Carlos Elliot Jr.’s music is a very strong music, cheerful and rhythmic, is a very strong connection between rhythm and melody. Has been inspired directly by “Drums & Fife” and music from North Mississippi over the hills, it’s mixed with Afro-Colombian music (South America) and with little bit of Rock; Preserves the Mississippi Blues legacy but in a new language for the new generations. I play it in what I call “Power Blues Duo” just me and the drummer, Rural dance music motivated by the traditional duos in north Mississippi, we are the beat machine that incites you to party and dancing ritual. Conceptually and philosophically, my music is inspired by the Juke Joints, Backyard & house Blues parties and all those great moments I’ve been experiencing with my masters and friends in small towns up north Mississippi and that is one of the things that I sing for, bringing that joy of party wherever I play and that makes me so much happy to share. On the other hand keep looking back to the roots in African and American heritage; it took me to experience moments with our ancient and native communities, which have inspired me to sing to mother earth connection and preservation, mystic connections with nature as a path to find the universal father. I think I like what “American Blues Scene” highlighted last year, Carlos Elliot Jr. a Colombian with a mystic connection with the Blues.
What's been your experience from the USA? Which memory makes you smile?
From the USA I have recognized the spirit of music itself and have learnt how to get my own music, thanks for the love and respect I got for the Blues. Beside the road teaches you; whenever I tour around USA, it pushes you to do your best, very tight schedules and hard work to do. I love too, music in church Sunday mornings that’s such a peaceful and striking feeling I’ve experienced anytime I go. I remember 6 years ago one Sunday morning in a hot summer, back in those days in a very bad hangover after a wonderful night playing long in Clarksdale, Mississippi; I had to walk with no money toward the Grayhound bus station to catch the bus down to New Orleans for a gig that day and the sun shining up close noon time and hands carrying guitar cases and heavy luggage, walked for almost 2 hours! That was painful! That’s something now I remember laughing but I felt the deep pity for the hard working men and sharecroppers in the cotton fields back in the day.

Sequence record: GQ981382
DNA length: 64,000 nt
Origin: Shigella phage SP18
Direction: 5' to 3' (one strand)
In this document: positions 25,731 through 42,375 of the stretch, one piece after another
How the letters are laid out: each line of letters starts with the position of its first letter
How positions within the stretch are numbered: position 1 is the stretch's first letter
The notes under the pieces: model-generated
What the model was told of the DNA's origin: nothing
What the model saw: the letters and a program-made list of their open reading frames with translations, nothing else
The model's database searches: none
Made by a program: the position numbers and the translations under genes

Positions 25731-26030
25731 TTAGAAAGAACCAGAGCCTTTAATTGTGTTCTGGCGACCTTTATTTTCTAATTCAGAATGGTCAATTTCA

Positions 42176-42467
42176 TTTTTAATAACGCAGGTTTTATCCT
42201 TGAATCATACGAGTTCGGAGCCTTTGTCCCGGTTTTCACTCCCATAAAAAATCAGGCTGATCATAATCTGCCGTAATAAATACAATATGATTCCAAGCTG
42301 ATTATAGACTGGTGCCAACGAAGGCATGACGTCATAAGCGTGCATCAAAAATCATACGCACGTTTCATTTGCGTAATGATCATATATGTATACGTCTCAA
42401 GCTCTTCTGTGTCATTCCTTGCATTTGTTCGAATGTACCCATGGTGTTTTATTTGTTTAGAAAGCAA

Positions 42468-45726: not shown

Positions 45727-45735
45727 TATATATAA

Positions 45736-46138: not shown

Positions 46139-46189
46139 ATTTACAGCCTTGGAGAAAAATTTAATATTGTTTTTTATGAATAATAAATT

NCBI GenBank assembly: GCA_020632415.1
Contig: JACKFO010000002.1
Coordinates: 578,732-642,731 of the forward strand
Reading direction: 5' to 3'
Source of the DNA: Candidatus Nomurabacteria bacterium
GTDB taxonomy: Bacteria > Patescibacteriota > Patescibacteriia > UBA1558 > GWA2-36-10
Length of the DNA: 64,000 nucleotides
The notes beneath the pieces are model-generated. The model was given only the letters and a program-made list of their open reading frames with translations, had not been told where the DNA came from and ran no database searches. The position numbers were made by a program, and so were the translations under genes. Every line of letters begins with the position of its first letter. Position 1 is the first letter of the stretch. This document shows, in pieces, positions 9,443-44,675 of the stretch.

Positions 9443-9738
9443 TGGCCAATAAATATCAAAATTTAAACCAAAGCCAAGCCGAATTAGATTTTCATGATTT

Are there any memories from RL Boyce and James T-Model Ford, which you’d like to share with us?
One time we were hanging out together and drinking something while talking, I already knew T-Model so I had a little more confidence with him than RL. At a certain point in the conversation we ended up talking about singing the Blues and RL asked me to sing something while laughing aloud, but he was serious. T-Model agreed and suddenly we were having a teaching class. I’m still learning and picking up new things while singing but that day, in a few minutes I received a class of singing the Blues, we laughed a lot, but indeed that was my master class from them both.
"The Blues has been that constantly inspiration to keep looking back to the roots in music and in life itself, Blues changed my path, taught me the spirit of music itself, and I found it on the way of a spiritual realization search and respect for ancient traditions." (Photo: Carlos & RL Boyce)
Which meetings have been the most important experiences for you? What is the best advice ever given you?